US journalists win web copyright battle

A landmark US court ruling that gives compensation to freelance journalists whose work was illegally published online may have knock-on effects in Britain.

A group of American publishers including The New York Times, Newsday and Time Inc. was found to have sold on freelancers’ work for electronic archiving even though contractual rights were only signed for publication in print.

In a case brought by the US’ National Writers Union, they were ordered to pay back exra earnings for electronic use of stories as a penalty for breaking copyright law. A deadline for claimants seeking earnings expired in September.

“The ruling applies to US publications, not to UK publications – however, it could be cited in a UK court as an example,” said John Toner, national organiser for freelance members of Britain’s National Union of Journalists.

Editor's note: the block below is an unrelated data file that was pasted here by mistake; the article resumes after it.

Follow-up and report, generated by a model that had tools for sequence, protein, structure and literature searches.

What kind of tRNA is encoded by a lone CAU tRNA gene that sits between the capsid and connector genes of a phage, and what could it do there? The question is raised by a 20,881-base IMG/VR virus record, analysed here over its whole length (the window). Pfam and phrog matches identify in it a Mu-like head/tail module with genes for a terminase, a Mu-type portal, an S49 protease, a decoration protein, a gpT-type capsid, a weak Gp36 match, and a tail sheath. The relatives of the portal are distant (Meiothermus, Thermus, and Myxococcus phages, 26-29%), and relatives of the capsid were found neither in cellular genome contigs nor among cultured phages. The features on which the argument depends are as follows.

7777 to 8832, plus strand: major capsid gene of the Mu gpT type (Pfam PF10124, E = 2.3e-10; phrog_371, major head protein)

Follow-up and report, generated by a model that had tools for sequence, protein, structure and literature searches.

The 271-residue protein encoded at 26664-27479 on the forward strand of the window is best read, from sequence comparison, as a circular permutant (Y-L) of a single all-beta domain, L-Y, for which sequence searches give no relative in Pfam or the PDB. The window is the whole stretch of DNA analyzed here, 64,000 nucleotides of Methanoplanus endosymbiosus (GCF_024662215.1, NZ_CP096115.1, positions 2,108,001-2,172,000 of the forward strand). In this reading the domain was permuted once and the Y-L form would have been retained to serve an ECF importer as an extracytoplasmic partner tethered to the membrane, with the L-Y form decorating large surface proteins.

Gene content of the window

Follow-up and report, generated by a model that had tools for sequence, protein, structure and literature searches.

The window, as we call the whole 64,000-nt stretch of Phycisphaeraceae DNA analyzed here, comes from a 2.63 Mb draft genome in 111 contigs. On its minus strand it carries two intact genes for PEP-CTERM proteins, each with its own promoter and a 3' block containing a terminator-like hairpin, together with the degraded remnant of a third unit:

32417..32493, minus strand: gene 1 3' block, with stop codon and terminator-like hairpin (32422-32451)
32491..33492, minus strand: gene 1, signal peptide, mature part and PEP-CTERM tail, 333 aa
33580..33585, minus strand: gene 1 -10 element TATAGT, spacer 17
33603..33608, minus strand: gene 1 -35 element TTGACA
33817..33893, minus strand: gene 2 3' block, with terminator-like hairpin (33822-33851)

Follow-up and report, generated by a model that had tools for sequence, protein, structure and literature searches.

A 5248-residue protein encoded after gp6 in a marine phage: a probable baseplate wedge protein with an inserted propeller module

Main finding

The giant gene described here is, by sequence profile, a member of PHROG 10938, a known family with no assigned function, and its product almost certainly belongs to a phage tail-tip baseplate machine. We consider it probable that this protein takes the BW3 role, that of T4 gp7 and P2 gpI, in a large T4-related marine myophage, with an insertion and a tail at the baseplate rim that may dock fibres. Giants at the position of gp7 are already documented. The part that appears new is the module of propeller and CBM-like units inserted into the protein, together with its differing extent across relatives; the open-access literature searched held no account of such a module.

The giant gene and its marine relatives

Retention of as many publication rights as possible is important for freelancers who want the flexibility to sell their work for different markets and different publishing media. The case of Tasini et al vs The New York Times et al found that publishers should not have sold on works to the Lexis/Nexis electronic library service.

“[The ruling] does affect UK-based freelances who write for US publications,” Mr Toner told “My advice to freelances with a potential claim in the US would be to register with the class action.

“UK newspapers frequently use copy online that was only commissioned for print. This is resolved by negotiation, by threatening legal action or by issuing proceedings.”